Queue (OS)

The OS maintains a number of queues, each of which is simply a list of processes waiting for some resource.

There are 3 main queues:

  1. Short-term queue
  2. Long-term queue
  3. I/O queue

Understand this in conjunction with the different Process States.

The short-term queue consists of processes that are in main memory and are ready to run as soon as the processor is made available.

How? This is where you should understand the Scheduler.

  • A common strategy is to give each process in the queue some time in turn; this is referred to as a Round Robin technique. In effect, the round-robin technique employs a circular queue.

Another strategy is to assign priority levels to the various processes, with the scheduler selecting processes in priority order.

The long-term queue is a list of new jobs waiting to use the processor

  • The OS adds jobs to the system by transferring a process from the long-term queue to the short-term queue
  • A portion of main memory must be allocated to the incoming process. Thus, the OS must be sure that it does not overcommit memory or processing time by admitting too many processes to the system

There is an I/O queue for each I/O device. More than one process may request the use of the same I/O device. All processes waiting to use each device are lined up in that device’s queue. Again, the OS must determine which process to assign to an available I/O device.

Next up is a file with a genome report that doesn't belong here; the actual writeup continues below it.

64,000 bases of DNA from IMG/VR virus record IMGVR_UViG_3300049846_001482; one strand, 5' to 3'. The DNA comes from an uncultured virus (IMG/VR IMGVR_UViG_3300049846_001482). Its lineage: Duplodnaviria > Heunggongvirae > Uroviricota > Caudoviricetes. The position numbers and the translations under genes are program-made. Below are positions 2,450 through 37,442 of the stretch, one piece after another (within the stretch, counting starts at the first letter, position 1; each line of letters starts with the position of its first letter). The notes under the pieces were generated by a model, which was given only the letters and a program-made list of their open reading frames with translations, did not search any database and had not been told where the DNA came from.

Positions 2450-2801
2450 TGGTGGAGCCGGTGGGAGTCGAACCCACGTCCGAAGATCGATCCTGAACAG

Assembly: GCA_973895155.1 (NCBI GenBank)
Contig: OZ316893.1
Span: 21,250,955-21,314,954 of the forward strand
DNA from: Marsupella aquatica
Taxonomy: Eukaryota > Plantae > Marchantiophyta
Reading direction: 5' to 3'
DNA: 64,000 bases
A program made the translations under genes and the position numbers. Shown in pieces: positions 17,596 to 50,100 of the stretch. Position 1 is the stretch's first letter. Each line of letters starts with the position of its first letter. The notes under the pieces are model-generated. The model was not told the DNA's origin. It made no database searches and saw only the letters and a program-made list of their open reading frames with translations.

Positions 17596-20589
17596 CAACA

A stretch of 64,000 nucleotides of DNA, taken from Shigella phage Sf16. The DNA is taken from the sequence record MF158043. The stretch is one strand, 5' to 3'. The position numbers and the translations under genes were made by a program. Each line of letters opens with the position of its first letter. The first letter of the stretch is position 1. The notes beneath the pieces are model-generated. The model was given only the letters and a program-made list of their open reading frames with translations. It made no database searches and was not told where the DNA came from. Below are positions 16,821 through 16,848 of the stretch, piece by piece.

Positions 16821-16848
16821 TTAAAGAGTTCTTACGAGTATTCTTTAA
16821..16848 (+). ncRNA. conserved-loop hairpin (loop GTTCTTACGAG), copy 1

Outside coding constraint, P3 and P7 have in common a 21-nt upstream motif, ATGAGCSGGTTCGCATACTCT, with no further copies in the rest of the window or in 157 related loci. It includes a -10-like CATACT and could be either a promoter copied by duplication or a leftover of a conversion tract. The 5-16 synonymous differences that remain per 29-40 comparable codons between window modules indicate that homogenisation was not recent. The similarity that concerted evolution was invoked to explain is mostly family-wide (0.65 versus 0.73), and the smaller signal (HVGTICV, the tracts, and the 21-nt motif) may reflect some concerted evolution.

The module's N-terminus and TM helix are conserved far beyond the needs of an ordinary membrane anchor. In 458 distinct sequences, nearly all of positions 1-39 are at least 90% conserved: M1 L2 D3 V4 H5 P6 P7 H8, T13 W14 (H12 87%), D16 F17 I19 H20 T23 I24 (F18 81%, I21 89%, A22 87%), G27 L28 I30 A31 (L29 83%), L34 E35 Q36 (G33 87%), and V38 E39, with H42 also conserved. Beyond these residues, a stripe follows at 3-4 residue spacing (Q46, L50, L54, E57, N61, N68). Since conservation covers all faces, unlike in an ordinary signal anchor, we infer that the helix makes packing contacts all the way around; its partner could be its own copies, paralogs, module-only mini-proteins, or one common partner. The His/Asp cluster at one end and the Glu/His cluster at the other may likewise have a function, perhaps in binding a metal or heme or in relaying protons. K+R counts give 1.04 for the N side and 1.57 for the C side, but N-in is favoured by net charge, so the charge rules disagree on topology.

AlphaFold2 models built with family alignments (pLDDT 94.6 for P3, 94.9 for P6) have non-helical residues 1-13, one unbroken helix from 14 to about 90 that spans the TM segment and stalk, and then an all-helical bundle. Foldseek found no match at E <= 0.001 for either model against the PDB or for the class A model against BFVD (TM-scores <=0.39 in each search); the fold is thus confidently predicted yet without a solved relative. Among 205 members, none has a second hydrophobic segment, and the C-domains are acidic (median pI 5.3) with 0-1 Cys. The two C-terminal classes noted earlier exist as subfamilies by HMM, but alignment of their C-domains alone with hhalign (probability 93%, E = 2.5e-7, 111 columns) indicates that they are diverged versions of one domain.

The OS receives control of the processor at the interrupt handler if an interrupt occurs. A process may specifically invoke some OS service, such as an I/O device handler, by means of a service call. In this case, a service call handler is the entry point into the OS. In any case, once the interrupt or service call is handled, the short-term scheduler is invoked to pick a process for execution.

The foregoing is a functional description; details and modular design of this portion of the OS will differ in various systems. Much of the research and development effort in operating systems has been directed at picking algorithms and data structures for this function that provide fairness, differential responsiveness, and efficiency.